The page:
Go to the Globe and Mail homepage

Jump to main navigationJump to main content

Bloc support helps Conservatives get parole bill through House of Commons Add to ...

The Bloc Québécois have helped the Conservatives pass a contentious crime bill that would eliminate early parole eligibility for non-violent offenders.

The Bloc voted Wednesday in favour of the Harper government's Bill C-59, which easily passed the House of Commons by a 184-105 margin.

The Liberals and NDP opposed the bill, but the Bloc support moves the legislation to the Tory-controlled Senate.

The bill eliminates a convict's right to apply for parole after serving one-sixth of their sentence for non-violent crimes such as fraud.

The Bloc says it has long favoured such legislation, and supported the Conservative change because of high-profile fraud cases in Quebec, including the conviction of disgraced financier Earl Jones.

Under the bill, convicted fraudsters and other non-violent criminals must now serve one-third of their sentences before seeking parole.

The bill was fast-tracked through the Commons after the Conservatives and Bloc voted earlier this week to curtail debate.

Liberal Leader Michael Ignatieff said his party couldn't back the bill because it does nothing to help defrauded victims get their money back.

"We think this Bloc-Conservative coalition ... is the worst abuse of Parliament I've seen in a very long time," Mr. Ignatieff said.

Mr. Ignatieff said the bill would affect only 1,500 prisoners but would add $130-million to Canada's prison tab.

The Quebec bar has advised the Liberals that the bill is unconstitutional, he said.

The Liberals blasted the Conservatives for cuts that have affected the RCMP's ability to fight white collar crime.

New Democrat MP Joe Comartin said the bill needed further study by a Commons committee. He has argued that the bill could have been amended to target specific offenders.

"We're still dramatically opposed to being pushed this way to try and deal with a bill that needs more attention," Mr. Comartin said earlier this week.

Bloc Québécois Leader Gilles Duceppe said the Bloc proposed similar legislation twice in 2007, so it was only natural that the party support it now.

"The Tories refused twice to proceed and at that time, both times, the NDP and the Liberals give their unanimous consent to have the three readings the same day. Now they're changing their mind. Don't ask me why they change their mind," Mr. Duceppe said.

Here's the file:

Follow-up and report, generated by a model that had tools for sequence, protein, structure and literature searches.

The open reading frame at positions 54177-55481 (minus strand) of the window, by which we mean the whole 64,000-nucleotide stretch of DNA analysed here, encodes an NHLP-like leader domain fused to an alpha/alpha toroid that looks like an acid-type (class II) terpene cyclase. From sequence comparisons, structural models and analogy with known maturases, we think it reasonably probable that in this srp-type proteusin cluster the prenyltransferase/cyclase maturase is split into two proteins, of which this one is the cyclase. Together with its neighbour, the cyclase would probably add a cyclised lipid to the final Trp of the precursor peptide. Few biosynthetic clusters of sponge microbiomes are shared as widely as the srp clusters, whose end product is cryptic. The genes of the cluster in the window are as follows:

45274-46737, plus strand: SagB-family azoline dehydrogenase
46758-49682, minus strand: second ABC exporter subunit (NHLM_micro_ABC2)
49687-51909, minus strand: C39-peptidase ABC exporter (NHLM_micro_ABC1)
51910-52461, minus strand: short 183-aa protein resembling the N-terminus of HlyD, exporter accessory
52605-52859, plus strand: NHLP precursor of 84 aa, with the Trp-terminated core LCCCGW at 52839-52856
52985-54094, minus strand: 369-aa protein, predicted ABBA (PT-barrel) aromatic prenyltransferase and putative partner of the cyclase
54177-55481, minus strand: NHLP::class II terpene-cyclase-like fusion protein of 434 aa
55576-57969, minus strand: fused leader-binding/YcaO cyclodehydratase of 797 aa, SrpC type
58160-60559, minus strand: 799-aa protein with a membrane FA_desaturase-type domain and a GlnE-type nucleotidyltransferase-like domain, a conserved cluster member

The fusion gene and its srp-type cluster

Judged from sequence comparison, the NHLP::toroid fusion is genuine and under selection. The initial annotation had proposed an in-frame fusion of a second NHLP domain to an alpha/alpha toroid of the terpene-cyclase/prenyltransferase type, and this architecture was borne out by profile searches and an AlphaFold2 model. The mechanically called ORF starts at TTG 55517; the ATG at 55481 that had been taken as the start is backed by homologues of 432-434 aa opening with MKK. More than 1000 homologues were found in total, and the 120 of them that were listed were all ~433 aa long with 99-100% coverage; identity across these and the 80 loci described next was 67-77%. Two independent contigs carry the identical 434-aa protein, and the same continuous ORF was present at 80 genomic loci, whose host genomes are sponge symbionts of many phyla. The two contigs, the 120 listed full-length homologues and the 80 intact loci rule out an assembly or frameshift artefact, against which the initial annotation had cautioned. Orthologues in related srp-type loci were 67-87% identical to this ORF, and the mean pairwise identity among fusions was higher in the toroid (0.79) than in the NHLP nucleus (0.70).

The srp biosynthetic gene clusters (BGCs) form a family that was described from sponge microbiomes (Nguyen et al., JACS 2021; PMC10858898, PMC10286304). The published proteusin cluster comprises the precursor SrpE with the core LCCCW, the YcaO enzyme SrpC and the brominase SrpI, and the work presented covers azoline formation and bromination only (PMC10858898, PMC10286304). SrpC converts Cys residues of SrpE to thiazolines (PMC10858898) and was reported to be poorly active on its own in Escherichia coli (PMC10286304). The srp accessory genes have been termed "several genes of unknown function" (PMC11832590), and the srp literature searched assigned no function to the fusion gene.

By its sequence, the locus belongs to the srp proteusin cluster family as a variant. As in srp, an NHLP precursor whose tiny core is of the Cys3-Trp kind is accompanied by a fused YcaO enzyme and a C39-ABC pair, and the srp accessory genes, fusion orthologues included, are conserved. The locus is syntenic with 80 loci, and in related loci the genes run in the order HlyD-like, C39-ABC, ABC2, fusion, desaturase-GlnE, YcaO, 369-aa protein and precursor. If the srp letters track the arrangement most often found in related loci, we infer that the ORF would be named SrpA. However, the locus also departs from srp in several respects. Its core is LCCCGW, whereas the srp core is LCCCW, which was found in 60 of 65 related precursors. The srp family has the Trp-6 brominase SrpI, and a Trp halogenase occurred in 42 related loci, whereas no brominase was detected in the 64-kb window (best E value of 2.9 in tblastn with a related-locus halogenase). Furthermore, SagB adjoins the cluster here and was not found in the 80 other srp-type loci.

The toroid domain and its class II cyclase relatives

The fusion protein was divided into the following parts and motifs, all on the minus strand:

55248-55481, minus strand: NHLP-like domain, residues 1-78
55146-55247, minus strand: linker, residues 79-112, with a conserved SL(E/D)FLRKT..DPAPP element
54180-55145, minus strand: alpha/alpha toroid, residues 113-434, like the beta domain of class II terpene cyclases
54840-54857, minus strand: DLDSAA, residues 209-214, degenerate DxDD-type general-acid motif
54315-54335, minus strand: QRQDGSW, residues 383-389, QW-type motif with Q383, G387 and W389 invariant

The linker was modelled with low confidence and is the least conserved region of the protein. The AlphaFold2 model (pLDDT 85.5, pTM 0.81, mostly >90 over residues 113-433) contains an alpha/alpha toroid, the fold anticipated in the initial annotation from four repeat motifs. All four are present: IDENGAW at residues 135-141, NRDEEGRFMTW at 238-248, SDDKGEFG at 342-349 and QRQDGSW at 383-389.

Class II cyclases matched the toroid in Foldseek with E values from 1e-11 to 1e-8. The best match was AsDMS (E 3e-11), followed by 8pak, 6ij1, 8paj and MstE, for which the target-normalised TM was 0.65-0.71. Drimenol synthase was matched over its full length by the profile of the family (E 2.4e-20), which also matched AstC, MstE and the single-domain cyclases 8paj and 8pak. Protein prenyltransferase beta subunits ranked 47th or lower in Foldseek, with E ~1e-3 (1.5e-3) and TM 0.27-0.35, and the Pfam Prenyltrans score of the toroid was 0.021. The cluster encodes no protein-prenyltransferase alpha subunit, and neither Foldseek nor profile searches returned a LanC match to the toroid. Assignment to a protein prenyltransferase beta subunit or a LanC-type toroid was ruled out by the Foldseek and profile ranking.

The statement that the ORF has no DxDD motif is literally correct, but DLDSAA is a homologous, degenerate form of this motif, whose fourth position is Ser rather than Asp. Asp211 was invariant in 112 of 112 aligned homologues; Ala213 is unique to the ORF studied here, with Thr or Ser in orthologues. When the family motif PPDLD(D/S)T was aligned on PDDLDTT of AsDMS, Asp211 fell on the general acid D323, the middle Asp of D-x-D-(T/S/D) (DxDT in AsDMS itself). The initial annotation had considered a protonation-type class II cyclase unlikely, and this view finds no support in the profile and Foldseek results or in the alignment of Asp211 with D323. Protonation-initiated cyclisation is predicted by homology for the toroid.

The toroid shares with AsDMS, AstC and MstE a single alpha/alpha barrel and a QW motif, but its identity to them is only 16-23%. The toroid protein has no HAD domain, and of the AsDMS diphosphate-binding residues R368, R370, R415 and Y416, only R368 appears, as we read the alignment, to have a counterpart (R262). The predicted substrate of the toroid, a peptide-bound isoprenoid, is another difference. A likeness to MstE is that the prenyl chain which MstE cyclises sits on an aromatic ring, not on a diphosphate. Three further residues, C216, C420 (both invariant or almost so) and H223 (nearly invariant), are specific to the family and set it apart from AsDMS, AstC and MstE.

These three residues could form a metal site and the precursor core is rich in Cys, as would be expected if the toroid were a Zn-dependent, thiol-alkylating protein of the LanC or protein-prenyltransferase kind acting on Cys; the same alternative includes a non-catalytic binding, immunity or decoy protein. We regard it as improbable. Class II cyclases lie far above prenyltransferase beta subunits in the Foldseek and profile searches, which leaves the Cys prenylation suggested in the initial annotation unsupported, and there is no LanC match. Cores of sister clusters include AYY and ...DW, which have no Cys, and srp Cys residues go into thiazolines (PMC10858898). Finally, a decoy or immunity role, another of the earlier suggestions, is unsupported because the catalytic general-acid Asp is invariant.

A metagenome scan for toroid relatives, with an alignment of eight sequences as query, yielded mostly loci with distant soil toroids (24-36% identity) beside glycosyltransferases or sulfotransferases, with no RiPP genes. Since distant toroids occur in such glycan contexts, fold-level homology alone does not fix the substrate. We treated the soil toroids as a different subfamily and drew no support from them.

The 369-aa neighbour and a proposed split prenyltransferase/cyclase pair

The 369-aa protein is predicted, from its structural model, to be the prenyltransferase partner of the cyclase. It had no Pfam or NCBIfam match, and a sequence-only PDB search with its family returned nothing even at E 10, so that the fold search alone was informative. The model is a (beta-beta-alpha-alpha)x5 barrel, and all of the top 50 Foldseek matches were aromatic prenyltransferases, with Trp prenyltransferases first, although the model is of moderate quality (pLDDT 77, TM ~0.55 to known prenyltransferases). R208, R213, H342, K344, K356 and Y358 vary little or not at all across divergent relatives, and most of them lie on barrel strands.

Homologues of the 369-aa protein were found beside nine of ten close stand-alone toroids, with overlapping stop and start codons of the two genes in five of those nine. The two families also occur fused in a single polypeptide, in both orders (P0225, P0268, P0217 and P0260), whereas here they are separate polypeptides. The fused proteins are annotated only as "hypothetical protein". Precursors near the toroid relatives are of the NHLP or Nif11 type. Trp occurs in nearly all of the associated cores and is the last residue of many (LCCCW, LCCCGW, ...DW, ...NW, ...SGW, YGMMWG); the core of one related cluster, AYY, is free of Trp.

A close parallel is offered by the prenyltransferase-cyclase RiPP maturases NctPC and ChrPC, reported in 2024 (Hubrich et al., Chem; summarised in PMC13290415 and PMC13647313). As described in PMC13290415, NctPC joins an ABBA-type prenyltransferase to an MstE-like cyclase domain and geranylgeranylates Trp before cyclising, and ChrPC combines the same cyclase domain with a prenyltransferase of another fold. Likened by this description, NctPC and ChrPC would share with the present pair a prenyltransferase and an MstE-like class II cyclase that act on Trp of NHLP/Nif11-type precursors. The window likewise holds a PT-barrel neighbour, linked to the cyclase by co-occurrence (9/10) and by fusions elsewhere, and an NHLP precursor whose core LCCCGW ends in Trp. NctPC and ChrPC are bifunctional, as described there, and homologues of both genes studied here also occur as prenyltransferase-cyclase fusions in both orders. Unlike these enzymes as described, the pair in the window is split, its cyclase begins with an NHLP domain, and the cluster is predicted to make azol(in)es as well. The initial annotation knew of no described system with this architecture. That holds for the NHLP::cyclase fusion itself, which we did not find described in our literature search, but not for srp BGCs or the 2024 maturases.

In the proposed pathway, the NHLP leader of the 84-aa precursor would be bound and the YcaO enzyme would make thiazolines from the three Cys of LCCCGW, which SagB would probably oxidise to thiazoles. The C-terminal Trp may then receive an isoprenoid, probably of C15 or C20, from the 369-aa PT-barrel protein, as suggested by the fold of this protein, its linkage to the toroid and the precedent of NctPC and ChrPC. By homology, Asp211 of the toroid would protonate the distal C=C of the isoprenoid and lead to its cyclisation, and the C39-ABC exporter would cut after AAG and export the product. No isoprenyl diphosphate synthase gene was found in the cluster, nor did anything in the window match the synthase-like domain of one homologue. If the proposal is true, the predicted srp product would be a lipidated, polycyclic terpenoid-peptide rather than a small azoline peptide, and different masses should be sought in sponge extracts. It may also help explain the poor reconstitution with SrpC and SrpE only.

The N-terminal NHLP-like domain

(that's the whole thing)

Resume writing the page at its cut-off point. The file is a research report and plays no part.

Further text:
In all, 43 Bloc MPs voted with the government. The support comes after the early release from prison of disgraced Quebec financier Vincent Lacroix three weeks ago.

Lacroix spent 18 months of a 13-year sentence behind bars for defrauding investors of more than $100-million before he was transferred to a halfway house late last month. His victims were outraged by that development.

Mr. Jones, a Montreal financier, was sentenced last year to 11 years in prison for defrauding more than 150 investors of $50-million. Under the current law, Mr. Jones could apply for early parole as early as next year after serving less than two years of his prison term.

Liberal public safety critic Mark Holland accused the Conservatives of playing politics with their law-and-order agenda in an attempt to unfairly paint the opposition as soft on crime.

Mr. Holland said the Liberals have pushed for a revision of the early parole law, but have been rebuffed by the Conservatives.

The Tories were caught with their "pants down" by Mr. Lacroix's recent release, Mr. Holland charged, which has forced them to ram through legislation without proper debate.

"This sudden flurry of activity that came from the government could have been easily avoided if it had listened over the last number of years when Liberal members said that we should make sure we fix this, that we should shut down the provisions that allow someone like Earl Jones or Mr. Lacroix to be able to get out early," Mr. Holland said.

Like other contentious crime bills, Mr. Holland accused the government of hiding the true cost of the bill to taxpayers.

Public Safety Minister Vic Toews said the issue has "vexed" him for a long time. As a former Crown prosecutor, Mr. Toews said he regularly saw criminals cut plea bargain deals that would see them plead guilty to lesser, non-violent offences.

"The game that was being played, of course, was that by removing all of the reference to so-called violent crime they would then be eligible at one-sixth or one-third, at a much more rapid pace. That, quite frankly, was unacceptable," Mr. Toews said.

Last week, the House of Commons passed another Tory bill that abolished the so-called faint-hope clause, which had allowed convicted first-degree murderers to be apply for early parole after 15 years instead of 25.

The Liberals and Conservatives have drawn battle lines over another crime bill, one that would impose mandatory sentences for drug crimes. Mr. Ignatieff has branded that bill "dumb on crime" because it would require a judge to impose a mandatory six-month sentence for possessing as few a six marijuana plants.

All of the Conservative crime bills remain uncosted by the government, which says the information is a secret cabinet confidence that can't be revealed to Canadians.

 

In the know

Most popular video »

Highlights

More from The Globe and Mail

Most Popular Stories